Q. I recently bought an old car trunk at an estate auction. I really don’t know anything about trunks, but bought it because I thought it was neat. It has a manufacturer label on the front, but I can’t make out who it is. Can you tell me? I need to know four things: 1. What does the manufacturer label say? 2. What kind of car was this trunk for and any idea how old it is? 3. What is the value of a trunk like this? 4. What’s the best way to sell it? Thanks very much for your help.
— Jim Keller, via e-mail
A. It looks like most of the hundreds of different car trunks made by various manufacturers over the years. As best I can read the label in your photo, it is a “Porto” trunk, made by the Plimpton Mfg. Co. of Walpole, Mass., outside Boston. It is probably from the 1920s and can be used on any car whose trunk rack it will fit. I’m unsure of its value. If you don’t do flea markets, the best way to sell it could be a classified ad in Old Cars Weekly.
Q. Regarding the question by Bob Farrell on Mustang quarter panel trim (Apr. 18), 1965 and 1966 Mustangs had an option of a contrasting pin stripe starting on the front fenders, running across the doors, around the side coves, and returning. If this option was selected, the side chrome was deleted. That would explain the lack of holes for the ornament. My father owned a Ford dealership in the ’60s and early ’70s, and we ordered many with the striping and without the ornament.
— John Logsdon, Cave Creek, Ariz.
A. Yes, that’s what I remember, too. Chuck Dickinson, of Portland, Ore., concurs. Another reader, who didn’t give a name, worked in two Ford dealerships in the mid-1960s. He notes that because of these options, all replacement quarter panels were supplied without holes. If the accents were to be installed during a repair, the holes were drilled at that time.
Q. The heater panel photo submitted by reader David Czarnecki (Q&A Apr. 25) is from a full-size 1965 Buick LeSabre, Wildcat or Electra 225. From the photo, it’s hard to tell if it’s from an AC or non-AC car. The labels on the upper right hand “mode” switch would tell you. This style was only used in ’65 as these Buicks have a one-year-only dash design. I have one in the garage.
— Chuck Dickinson, Portland, Ore.
A. Thank you. It didn’t show up well in the photo, but David’s panel is indeed from an air-conditioned car. The mode switch has both “REC” and “NORM” positions for AC, as well as “VENT” and “HTR.” Thanks for the identity check.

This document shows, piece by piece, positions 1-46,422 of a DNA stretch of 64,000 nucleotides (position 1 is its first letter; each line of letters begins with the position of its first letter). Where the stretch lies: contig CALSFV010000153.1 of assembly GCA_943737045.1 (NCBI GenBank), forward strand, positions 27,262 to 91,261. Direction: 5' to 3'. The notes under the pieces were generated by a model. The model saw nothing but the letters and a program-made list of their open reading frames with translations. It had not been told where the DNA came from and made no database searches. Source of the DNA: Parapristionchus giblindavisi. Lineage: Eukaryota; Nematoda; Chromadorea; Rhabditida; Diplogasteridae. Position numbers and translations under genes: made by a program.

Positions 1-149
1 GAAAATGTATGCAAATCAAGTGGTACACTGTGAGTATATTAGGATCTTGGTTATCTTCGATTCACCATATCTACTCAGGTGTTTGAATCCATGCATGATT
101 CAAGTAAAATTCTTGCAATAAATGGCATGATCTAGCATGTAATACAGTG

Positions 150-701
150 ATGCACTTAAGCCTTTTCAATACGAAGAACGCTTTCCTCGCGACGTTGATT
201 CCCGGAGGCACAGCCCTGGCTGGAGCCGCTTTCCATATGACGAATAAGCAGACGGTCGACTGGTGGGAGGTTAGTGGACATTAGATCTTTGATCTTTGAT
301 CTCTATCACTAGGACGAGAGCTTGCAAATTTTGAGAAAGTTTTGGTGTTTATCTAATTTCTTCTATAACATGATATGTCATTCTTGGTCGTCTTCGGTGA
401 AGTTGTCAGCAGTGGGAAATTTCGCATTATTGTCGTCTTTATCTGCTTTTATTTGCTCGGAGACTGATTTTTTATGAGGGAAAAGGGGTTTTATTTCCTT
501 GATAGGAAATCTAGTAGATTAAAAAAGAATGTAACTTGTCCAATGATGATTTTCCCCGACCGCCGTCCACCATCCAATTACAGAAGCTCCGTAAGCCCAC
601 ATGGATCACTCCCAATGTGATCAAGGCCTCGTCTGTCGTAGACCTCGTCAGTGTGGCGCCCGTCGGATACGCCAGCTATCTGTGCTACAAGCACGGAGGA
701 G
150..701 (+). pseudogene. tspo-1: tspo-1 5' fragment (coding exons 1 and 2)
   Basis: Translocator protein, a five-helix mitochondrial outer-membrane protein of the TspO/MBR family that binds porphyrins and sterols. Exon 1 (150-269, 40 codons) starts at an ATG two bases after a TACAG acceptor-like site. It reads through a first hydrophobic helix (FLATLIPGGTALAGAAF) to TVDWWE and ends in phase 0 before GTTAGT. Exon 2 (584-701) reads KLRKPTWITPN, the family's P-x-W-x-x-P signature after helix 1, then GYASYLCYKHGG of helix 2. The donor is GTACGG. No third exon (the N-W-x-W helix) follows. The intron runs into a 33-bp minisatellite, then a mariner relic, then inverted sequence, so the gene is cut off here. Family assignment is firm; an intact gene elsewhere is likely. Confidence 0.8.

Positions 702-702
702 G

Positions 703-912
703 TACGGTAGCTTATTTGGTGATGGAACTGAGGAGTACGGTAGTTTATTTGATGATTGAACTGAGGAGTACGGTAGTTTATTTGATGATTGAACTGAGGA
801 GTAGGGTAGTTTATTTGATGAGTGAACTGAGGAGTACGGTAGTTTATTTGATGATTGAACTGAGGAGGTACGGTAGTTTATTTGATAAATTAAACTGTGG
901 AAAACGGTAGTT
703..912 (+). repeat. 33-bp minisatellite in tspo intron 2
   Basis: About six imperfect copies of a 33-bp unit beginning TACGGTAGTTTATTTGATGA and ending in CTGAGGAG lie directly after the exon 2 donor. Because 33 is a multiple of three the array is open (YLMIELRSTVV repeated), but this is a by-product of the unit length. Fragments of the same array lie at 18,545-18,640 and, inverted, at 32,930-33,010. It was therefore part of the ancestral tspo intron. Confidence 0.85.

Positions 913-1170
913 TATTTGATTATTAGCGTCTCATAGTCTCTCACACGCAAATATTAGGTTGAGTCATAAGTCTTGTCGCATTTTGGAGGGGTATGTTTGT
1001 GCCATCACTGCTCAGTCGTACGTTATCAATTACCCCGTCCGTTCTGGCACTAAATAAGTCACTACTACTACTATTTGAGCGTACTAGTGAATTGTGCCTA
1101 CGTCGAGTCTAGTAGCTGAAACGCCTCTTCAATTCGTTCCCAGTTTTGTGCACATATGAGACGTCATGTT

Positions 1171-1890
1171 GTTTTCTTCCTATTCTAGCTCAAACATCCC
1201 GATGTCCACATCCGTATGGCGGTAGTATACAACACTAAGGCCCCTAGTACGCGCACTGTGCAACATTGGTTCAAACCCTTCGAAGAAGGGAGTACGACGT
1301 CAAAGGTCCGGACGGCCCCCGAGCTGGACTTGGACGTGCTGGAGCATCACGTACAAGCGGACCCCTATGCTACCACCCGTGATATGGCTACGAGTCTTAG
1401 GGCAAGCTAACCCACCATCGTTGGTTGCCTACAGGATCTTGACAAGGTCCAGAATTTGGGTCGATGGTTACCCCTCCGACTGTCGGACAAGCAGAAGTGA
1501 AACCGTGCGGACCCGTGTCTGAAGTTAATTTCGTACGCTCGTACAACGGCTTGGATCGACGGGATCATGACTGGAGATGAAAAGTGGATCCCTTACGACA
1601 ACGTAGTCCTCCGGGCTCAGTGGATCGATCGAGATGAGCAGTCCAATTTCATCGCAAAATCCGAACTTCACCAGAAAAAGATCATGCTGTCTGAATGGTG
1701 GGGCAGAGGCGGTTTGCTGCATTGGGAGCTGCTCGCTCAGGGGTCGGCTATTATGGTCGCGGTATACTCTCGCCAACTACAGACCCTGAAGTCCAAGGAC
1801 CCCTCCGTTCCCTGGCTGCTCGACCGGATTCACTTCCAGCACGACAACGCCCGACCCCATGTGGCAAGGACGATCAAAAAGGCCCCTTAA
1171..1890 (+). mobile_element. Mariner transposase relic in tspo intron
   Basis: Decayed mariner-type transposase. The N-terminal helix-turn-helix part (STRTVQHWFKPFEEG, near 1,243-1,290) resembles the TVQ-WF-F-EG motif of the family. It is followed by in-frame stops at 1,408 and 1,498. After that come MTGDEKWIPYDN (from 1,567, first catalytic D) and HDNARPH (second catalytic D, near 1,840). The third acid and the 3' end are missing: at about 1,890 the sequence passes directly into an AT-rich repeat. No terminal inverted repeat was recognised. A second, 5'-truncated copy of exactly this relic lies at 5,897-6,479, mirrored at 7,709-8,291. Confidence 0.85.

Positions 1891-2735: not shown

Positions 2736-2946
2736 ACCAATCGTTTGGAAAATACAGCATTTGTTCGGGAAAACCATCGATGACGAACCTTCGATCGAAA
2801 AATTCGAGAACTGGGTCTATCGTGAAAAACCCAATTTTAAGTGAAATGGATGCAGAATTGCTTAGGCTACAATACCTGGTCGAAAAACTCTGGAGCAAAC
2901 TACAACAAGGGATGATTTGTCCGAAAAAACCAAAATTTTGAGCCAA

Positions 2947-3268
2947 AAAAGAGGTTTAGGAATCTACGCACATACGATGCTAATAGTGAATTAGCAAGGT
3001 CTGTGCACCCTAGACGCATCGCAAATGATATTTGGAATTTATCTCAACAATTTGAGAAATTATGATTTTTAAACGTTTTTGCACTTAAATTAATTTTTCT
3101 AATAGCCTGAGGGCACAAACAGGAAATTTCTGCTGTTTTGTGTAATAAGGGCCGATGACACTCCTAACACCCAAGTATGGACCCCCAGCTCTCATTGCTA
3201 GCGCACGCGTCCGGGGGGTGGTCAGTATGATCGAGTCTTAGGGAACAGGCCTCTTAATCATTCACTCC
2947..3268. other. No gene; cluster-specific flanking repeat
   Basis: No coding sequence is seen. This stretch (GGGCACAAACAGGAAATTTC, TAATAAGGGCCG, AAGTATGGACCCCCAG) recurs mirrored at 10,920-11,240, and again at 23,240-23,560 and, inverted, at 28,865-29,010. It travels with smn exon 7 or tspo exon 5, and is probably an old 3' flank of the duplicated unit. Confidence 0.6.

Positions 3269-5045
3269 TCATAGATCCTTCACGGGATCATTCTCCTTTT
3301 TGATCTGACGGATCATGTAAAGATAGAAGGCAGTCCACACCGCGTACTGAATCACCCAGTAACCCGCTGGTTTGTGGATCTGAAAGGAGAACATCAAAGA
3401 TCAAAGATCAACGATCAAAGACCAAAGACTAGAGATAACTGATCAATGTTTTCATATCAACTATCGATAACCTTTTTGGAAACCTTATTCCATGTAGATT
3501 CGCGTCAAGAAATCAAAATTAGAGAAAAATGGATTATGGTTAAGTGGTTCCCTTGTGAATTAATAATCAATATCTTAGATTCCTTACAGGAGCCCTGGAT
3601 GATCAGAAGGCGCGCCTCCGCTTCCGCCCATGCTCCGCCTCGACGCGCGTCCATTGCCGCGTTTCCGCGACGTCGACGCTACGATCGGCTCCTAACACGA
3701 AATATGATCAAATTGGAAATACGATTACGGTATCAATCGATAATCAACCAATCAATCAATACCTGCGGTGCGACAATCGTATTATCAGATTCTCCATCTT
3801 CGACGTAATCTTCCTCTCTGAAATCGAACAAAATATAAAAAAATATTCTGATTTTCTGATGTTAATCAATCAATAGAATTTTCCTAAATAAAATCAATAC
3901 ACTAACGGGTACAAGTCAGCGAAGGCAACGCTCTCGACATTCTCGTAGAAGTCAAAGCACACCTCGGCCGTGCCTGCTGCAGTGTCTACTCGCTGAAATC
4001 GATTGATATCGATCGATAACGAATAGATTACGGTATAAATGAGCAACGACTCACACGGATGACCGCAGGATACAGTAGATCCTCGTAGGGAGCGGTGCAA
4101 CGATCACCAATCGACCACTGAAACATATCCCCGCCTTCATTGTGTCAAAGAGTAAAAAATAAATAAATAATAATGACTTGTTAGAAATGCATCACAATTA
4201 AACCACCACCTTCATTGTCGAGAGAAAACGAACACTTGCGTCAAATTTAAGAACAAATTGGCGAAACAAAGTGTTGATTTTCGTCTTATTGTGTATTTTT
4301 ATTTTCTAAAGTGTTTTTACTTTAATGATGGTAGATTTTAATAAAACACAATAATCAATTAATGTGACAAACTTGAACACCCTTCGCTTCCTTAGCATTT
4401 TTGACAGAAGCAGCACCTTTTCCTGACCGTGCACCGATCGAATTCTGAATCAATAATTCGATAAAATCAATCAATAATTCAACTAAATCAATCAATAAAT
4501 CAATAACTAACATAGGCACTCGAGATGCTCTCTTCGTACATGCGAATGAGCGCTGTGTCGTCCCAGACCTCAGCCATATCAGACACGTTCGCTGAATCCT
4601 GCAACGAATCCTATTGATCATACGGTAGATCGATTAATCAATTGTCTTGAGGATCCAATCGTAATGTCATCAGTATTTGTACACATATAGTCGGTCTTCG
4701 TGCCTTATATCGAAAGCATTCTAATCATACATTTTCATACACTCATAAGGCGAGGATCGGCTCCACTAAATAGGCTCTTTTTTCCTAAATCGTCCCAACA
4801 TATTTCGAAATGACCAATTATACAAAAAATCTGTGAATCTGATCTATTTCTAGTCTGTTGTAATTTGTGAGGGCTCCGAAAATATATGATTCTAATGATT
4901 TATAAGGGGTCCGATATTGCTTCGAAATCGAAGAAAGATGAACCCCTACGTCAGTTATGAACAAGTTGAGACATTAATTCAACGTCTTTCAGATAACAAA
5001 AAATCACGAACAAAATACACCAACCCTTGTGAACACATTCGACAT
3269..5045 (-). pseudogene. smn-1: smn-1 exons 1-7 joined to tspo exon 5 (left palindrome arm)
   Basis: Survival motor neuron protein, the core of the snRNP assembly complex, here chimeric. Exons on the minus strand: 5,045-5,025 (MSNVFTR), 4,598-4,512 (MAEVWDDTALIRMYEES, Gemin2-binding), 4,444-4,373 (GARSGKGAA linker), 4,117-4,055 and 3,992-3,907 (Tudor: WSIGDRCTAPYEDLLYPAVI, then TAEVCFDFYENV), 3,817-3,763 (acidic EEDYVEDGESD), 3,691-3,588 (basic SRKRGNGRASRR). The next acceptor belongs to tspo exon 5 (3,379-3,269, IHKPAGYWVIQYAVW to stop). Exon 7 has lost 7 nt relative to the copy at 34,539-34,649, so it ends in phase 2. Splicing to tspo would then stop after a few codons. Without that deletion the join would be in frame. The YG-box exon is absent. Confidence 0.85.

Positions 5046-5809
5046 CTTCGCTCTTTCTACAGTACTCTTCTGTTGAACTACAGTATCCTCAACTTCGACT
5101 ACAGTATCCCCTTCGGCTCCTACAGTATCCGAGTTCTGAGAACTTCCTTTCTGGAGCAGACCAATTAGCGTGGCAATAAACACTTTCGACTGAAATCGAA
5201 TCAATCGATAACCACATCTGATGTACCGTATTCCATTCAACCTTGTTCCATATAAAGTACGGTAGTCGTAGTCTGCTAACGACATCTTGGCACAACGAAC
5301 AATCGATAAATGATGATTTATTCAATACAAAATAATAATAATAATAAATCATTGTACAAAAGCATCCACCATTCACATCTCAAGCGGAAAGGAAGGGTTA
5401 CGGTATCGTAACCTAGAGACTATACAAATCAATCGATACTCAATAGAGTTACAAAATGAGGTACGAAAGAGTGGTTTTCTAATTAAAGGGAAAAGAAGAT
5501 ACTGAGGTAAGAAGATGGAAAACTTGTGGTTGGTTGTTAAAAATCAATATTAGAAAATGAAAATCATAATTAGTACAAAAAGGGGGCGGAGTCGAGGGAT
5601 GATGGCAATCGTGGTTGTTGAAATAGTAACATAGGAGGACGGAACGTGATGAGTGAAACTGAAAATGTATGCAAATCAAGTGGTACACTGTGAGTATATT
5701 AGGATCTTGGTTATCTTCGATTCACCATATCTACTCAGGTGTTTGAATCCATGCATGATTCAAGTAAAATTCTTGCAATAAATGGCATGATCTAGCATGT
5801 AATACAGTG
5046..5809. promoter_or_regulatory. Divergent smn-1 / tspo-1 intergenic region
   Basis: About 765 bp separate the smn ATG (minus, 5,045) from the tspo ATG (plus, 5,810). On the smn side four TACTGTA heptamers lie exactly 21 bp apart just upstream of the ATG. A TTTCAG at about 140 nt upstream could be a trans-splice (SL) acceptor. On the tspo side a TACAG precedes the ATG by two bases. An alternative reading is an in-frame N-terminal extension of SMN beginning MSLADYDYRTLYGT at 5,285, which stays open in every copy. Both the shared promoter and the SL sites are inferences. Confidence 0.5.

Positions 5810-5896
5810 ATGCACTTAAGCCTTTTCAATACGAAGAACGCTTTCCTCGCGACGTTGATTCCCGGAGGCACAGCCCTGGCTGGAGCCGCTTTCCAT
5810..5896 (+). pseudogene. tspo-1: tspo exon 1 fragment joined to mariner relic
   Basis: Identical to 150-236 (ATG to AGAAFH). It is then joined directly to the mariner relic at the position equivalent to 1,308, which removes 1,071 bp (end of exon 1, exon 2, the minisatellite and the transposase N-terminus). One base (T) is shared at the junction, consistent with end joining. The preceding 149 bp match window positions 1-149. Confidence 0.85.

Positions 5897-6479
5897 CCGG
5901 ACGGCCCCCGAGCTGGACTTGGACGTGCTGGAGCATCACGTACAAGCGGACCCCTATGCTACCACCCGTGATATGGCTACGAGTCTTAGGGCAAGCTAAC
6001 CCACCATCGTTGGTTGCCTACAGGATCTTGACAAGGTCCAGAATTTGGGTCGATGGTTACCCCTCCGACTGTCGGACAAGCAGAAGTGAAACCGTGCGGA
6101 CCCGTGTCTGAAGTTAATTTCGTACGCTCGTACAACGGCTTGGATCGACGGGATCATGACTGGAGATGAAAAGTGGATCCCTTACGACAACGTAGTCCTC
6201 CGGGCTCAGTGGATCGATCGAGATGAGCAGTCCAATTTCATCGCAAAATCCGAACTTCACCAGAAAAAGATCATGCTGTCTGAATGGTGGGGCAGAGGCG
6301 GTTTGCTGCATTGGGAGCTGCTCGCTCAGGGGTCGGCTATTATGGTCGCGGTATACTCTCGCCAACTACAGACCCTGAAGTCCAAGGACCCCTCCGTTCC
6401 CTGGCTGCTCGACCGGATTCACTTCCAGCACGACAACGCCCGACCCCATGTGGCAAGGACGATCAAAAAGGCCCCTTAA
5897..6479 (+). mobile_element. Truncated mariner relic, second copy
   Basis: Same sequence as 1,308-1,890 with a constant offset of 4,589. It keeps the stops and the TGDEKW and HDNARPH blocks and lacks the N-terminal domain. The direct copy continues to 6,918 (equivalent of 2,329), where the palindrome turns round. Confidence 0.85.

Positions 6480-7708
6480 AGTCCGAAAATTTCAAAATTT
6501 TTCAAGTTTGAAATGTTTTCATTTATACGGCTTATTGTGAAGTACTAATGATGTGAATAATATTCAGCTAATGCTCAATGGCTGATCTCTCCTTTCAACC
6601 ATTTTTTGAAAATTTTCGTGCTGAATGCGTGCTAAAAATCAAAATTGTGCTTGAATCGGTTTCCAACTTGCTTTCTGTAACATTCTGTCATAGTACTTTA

Q. Further to Paul Pakan’s query about an aerosol foam, I was a mechanic at a Chevy dealership in the 1970s. The slightly silvery-colored white foam was “heat riser valve lubricant” supplied by GM. It was used on carburetor choke flap shafts, throttle shafts and secondary throttle shafts on sticking Quadajet carburetors.
— Doug Avery, Wilmington, N.C.
A. Thanks for your experience, which was contemporary with Mr. Pakan’s memories. Searching online for that name I found a reference to a current part number 88862627, which is called merely “lubricant,” further described as “Rust Penetrating Inhibitor 12 oz Aerosol.” Whether this product will clean carbon from your engine I’m not sure. Dan Espen remembers using an Atlas brand foaming cleaner in the 1970s.
Q. Regarding Ed Thompson’s question about AM/FM radios, tape players and cassettes (Mar. 28), in addition to the cars you listed Greg Donahue’s “Production Figures and Options for 1963 Fords” lists the 1963 Galaxie as a car that came with a dealer-installed transistorized AM/FM pushbutton radio. In 1966, my dad bought a new Ford Galaxie 500. It came with an AM radio and Stereo Sonic eight-track tape deck. It was mounted separately on the transmission hump, to the bottom of the dash, and came with four speakers. The unit was made by Morotola, not Philco-Ford. 1967 saw the radio tape player in the dashboard as one unit. In 1979 I bought a new Corvette. The options that year were an eight-track or a cassette player. The glove box was designed to hold the tapes for eight-track optioned cars.
— Ron Hunt, Richmond, Ohio.
A. Thanks. I also received a phone call from Phil Guilhem of Alva, Okla. He says that while not an AM/FM unit, per se, in 1958 Lincoln offered an FM converter for the AM radio, which mounted to the transmission tunnel. I see indications that this could be ordered on other Ford products as well.
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